When it comes to your credit score, there’s almost always room for improvement. If you’ve pulled your score and you’re not satisfied with the number you received, there are several strategies to boost it. But first, you need a little insight into how that score is calculated.

Five major categories are used to determine your credit score which are reported to the credit bureaus by your lenders to generate scores ranging from 350 to 850 (higher is better, of course).

Each category is weighed differently. Here’s a quick breakdown:

  • 40% is based on your payment history, and whether you pay on time.
  • 23% is your credit utilization. Also known as credit usage, it’s the ratio between the total balance you owe and your total credit limit on your accounts. It’s best to keep your credit utilization below 30 percent — this is because if you are consistently maxing out your credit cards, it’ll look like you need money in the eyes of a lender.
  • 21% is the age and type of credit you have. This percentage factors in how long you’ve had different kinds of credit accounts open. The older and more diverse (auto, mortgage, credit card) your credit is, the better.
  • 11% is based on your total amount of recently reported balances on your credit accounts. You’ll want to keep your balances generally low because that’ll suggest to lenders that you are capable of making your payments on time.
  • 5% is based on recent credit applications. Opening multiple credit accounts in a short period of time could represent a greater risk for lenders — multiple recent inquiries may worry lenders that you are applying to so many places because you are unable to qualify for credit — or because you need money in a pinch — so avoid opening too many accounts too quickly. (You don’t have to worry about this if you’re shopping for a mortgage or car loan. All inquiries within 14 days count as a single one.)



  1. Pull your credit reports. The three major credit scoring bureaus, TransUnion, Equifax, and Experian will each allow you one free copy of your report each week. You also have access to your report and score daily through the United Fidelity Bank app. If you choose to get a copy directly from the credit scoring bureaus and you find an error on your report, you should dispute it as soon as possible. Simple mistakes – the wrong address or a misspelling of your name – can be fixed by calling the creditor and asking for an update. If they won’t oblige, or the error is more complicated, you should dispute directly with the credit bureaus. You can do this online.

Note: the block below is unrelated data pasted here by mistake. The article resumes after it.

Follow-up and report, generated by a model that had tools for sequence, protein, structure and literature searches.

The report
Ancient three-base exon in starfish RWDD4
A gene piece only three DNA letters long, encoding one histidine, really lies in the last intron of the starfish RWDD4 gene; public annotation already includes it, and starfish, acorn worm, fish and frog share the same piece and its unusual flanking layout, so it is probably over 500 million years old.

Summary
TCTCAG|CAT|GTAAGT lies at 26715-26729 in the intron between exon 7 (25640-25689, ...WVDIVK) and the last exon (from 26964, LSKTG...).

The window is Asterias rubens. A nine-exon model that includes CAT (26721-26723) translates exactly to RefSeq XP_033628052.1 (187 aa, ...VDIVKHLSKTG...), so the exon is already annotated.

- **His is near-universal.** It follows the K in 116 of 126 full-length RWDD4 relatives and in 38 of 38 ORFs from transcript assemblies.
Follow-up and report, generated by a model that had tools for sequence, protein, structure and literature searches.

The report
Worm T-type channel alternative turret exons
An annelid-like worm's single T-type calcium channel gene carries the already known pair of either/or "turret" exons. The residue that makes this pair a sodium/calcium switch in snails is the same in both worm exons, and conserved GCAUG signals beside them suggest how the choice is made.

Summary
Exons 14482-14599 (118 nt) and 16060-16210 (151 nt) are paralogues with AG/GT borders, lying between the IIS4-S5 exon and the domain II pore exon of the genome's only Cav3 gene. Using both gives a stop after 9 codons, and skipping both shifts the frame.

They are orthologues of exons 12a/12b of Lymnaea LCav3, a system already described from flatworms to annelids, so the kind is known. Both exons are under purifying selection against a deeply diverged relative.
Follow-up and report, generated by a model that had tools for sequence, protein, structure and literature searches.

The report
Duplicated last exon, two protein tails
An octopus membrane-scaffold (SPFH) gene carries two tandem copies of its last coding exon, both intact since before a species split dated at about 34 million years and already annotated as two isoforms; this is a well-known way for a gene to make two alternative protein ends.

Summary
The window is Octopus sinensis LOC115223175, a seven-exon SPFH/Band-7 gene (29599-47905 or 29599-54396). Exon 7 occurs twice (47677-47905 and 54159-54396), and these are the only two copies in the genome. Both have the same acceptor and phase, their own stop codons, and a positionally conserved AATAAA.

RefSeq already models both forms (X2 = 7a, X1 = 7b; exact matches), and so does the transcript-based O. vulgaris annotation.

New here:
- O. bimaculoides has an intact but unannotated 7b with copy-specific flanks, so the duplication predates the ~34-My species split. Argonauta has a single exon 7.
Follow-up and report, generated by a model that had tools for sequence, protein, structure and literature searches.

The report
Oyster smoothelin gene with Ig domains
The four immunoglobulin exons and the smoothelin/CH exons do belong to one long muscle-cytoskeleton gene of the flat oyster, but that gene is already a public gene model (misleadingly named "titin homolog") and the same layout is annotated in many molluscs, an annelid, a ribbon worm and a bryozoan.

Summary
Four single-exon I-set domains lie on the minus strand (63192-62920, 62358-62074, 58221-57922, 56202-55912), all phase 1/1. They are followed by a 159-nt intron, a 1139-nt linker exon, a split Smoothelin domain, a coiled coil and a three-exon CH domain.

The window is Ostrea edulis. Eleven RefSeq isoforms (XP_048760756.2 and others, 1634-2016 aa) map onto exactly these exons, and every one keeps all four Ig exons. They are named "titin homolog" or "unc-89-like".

2. Pay your bills on time. One day late is still considered late, and just one late payment can lower your score. Consider using an online bill payment service, like Bill Pay, to stay on track with your payments.
  3. Pay down credit card debt. You don’t want to be using more than 30% of the total credit available to you. Keeping your utilization well below that (closer to 10%) can give your score a boost.
  4. Hang onto old cards. Your credit score benefits from long relationships with lenders, so cut them up, but don’t cancel them if you can help it.
  5. Be thoughtful about shopping for new credit. Every time you apply for a new card or loan, the lender takes a peek at your credit history, which dings your score.
  6. Spread your debts around. The mix of credit you have in your file—mortgages, student loans, auto loans, credit cards—shows that you can manage debt from multiple sources.


Remember that time – and patience – are key. You shouldn’t expect a change overnight, but you will see improvement over the course of 12 to 18 months – shorter, if your score is already fairly high and you’re just looking for a bit of a jump.


Article by SavvyMoney contributor Jean Chatzky.